5.6kg springs

There's no way stock front springs are adequate especially if your running an oversize tank

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I'm not familiar with fork anatomy, yet. Do both of those go in the front?

 

 

I run a stock tank for now, but I did move the bars forward a good bit. And I wouldn't be surprised at the springs being too little; first garage suspension guy said my springs were borderline and I think overcompensated with damping, but I was 190-195lbs at the time. 

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Front springs are the .45kg

Rear spring is 5.6kg

Those springs combine with a basic revalve front and rear will solve your problems

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Ah! Thanks! I'll see if I can find someone to do this.

 

What are stock 2002 YZ250 fork springs, if you know?

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I've only used locals so far, quad and bike. Most recent guy is practically down the road, but its a side job and has a couple of young kids, so he's less available.

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Stock '02 YZ250 springs are .43 front and 4.8 rear.  Just got this from the manual for my bike.

 

I am very close to your size and weight and am using .46 and 5.4 springs.

 

I have an oversize tank and use the bike exclusively for trail riding, mostly single track.  I've been revalving it myself.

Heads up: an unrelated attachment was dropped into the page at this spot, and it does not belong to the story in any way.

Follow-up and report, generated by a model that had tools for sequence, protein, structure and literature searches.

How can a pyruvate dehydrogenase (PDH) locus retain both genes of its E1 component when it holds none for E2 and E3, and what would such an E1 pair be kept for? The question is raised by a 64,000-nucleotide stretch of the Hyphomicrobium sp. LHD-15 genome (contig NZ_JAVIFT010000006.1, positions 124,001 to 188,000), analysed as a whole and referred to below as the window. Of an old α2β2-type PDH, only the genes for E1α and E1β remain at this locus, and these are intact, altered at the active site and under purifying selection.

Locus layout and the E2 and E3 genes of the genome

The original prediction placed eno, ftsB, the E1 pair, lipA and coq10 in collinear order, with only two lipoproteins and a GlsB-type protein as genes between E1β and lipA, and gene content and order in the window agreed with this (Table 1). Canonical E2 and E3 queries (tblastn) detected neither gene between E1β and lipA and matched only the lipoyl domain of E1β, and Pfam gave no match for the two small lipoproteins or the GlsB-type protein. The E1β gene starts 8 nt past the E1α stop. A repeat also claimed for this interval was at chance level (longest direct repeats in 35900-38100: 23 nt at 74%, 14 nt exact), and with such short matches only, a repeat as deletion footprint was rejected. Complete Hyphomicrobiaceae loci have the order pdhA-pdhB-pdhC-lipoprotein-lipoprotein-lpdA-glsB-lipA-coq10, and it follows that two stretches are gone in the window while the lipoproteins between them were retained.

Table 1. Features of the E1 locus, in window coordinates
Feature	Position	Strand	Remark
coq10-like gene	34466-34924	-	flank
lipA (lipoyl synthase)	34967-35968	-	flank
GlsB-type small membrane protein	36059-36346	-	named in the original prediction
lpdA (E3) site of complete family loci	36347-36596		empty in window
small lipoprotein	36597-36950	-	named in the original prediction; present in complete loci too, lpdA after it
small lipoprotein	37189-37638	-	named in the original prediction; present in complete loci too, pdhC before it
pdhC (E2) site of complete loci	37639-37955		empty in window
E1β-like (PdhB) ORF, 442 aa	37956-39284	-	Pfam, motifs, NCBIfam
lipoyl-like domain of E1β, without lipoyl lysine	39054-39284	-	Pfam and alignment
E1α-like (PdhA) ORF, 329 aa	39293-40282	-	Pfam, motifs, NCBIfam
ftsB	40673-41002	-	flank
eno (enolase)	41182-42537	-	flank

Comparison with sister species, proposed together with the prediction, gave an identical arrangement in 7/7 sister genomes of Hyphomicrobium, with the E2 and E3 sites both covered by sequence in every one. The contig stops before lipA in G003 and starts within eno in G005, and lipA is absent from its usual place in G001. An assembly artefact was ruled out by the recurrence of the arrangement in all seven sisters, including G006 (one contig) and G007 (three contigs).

If I was racing, I might want to go a little stiffer with the springs.

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Has anyone else looked at the Race Tech web site and did their spring rate calculator?  It calculates it out for me too that the stock spring rate is sufficiently stiff for my use.  That's why I never worried about my fork spring rate.  Shock spring was a different story though.  OP, my '01 YZ250 was/is also harsh on small stuff and .ripples and as many times as I've screwed up jumps and landed HARD, I've never come close to bottoming.  For ME, I can't see how turning UP compression dampening would help me.

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The idea of stiffer damping or springs is to keep the forks up in the stroke where the lighter(softer) damping is. If the springs are too soft for your weight the forks will settle or sag and be in the stiffer damping causing harshness. The damping gets stiffer as the forks compress. Often just stiffening the damping a few clicks will help to prevent the sag but proper springs to start with is the best approach. In my experience anyhow. Good luck, the proper compromise can be a struggle to find sometimes.

Edited by YHGEORGE
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The idea of stiffer damping or springs is to keep the forks up in the stroke where the lighter(softer) damping is. If the springs are too soft for your weight the forks will settle or sag and be in the stiffer damping causing harshness. The damping gets stiffer as the forks compress. Often just stiffening the damping a few clicks will help to prevent the sag but proper springs to start with is the best approach. In my experience anyhow. Good luck, the proper compromise can be a struggle to find sometimes.